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President Obama Says Congress Was Wrong To End FAA Furloughs As They Did

Said Bill Passed Last Week Would Delay Needed Airport Improvement Projects

President Obama said during a news conference Tuesday that Congress essentially had a knee-jerk reaction to the possibility of delays at airports caused by furloughs of air traffic controllers, and that legislation allowing the FAA to shift funds from AIP grants would delay needed airport improvement projects.

"The fact that Congress responded to the short-term problem of flight delays by giving us the option of shifting money that’s designed to repair and improve airports over the long term to fix the short-term problem -- well, that’s not a solution.  And essentially what we’ve done is we’ve said, in order to avoid delays this summer, we’re going to ensure delays for the next two or three decades," the President said during a news conference.

Obama said that what congress should have done is work towards a long-term solution to the budget deficit, but that vetoing the legislation would not lead to a broader fix. " It just means that there would be pain now, which they would try to blame on me, as opposed to pain five years from now.  But either way, the problem is not getting fixed."

The Airports Council International-North America also expressed disappointment that AIP funds were going to be allowed to be used for controller salaries.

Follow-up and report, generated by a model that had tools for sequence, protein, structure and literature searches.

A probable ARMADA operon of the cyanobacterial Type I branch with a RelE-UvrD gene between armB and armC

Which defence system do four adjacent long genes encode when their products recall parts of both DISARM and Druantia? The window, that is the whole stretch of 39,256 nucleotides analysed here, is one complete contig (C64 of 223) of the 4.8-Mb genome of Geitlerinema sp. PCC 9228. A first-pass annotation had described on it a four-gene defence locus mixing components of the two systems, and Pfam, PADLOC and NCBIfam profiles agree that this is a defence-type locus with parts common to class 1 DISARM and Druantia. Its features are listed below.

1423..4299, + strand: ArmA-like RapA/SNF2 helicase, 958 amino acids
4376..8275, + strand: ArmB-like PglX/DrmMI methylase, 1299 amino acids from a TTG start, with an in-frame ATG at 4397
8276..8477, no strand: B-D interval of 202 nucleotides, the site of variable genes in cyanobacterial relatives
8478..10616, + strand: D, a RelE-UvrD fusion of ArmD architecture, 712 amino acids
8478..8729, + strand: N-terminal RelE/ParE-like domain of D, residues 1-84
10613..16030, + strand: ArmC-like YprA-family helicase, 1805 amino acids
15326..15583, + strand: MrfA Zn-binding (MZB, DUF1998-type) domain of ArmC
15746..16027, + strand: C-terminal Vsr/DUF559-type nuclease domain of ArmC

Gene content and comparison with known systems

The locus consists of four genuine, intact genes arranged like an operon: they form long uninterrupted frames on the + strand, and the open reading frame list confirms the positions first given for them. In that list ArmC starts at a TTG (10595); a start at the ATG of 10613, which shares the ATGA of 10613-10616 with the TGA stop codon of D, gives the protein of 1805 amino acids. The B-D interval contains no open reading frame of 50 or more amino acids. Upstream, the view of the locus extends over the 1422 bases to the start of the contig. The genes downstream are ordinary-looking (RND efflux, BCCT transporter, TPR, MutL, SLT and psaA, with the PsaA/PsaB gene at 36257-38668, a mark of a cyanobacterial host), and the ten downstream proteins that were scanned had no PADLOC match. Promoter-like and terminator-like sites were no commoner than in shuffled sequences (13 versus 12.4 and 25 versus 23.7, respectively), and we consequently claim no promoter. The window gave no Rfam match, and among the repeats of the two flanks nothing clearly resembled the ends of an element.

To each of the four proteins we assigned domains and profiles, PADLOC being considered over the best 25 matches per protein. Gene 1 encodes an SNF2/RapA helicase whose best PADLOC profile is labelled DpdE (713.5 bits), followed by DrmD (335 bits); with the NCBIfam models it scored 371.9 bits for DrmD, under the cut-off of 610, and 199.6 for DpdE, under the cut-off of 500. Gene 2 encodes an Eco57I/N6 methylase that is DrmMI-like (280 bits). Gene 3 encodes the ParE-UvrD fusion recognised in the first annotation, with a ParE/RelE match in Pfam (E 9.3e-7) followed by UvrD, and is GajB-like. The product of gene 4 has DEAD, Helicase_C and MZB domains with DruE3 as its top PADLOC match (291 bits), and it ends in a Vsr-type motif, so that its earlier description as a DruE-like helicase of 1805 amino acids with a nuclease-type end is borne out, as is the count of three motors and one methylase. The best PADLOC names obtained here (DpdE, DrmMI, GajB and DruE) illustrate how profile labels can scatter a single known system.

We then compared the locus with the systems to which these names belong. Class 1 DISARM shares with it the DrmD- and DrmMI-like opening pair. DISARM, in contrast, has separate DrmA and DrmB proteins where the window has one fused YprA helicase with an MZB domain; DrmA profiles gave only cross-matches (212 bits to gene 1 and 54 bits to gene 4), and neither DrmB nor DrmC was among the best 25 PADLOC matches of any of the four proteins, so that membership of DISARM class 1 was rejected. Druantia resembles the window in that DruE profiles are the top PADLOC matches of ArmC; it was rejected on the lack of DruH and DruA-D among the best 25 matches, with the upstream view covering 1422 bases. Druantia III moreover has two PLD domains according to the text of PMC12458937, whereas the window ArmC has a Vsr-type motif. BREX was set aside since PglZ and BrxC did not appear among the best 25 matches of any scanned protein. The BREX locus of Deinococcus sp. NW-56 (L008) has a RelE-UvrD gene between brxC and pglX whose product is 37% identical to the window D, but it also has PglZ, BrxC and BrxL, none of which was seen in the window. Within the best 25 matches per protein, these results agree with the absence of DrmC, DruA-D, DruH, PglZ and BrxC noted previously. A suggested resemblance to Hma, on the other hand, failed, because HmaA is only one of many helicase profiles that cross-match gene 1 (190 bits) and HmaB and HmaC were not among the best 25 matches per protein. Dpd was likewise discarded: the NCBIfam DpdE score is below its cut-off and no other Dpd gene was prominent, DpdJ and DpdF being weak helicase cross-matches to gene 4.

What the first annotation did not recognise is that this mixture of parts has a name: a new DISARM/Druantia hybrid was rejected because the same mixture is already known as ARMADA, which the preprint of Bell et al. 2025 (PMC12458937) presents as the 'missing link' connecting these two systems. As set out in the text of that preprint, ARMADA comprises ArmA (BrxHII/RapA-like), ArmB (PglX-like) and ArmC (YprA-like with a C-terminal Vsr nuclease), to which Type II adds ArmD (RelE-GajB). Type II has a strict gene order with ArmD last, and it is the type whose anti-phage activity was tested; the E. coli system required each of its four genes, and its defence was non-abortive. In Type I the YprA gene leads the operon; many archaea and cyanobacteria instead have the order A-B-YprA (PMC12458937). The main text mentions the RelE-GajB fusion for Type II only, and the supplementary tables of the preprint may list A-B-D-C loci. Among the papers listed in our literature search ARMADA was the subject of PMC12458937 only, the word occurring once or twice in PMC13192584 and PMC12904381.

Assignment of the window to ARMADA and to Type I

ACI-NA Board Chair David N. Edwards, Jr., the CEO of Greenville-Spartanburg Airport District, said that while the organization was "relieved" that the controller furloughs would be ending, it was "very disappointed that the Airport Improvement Program (AIP) was used to pay for this fix, as these funds were paid by passengers to maintain and enhance airport runways and taxiways, not fund FAA operations.”   
 
“ACI-NA supported other common sense bipartisan legislation that did not use AIP to eliminate the furloughs," Edwards said in a statement. "Airports agree that passenger delays and inconvenience cannot continue, but raiding capital funding to pay for FAA operations is unprecedented and does not take into account the need to make critical safety, security and capacity improvements.  Sadly, Congress missed an opportunity to allow airports to generate local funding for these necessary projects through raising the Passenger Facility Charge (PFC) user fee, which would have offset the cut to AIP funding. 
 
“ACI-NA will continue to work with Congress to obtain critical infrastructure funding to ensure airports can meet passenger safety and security needs as well as continue to generate jobs and economic development in hundreds of communities throughout the United States.”

FMI: www.whitehouse.gov, www.aci-na.org

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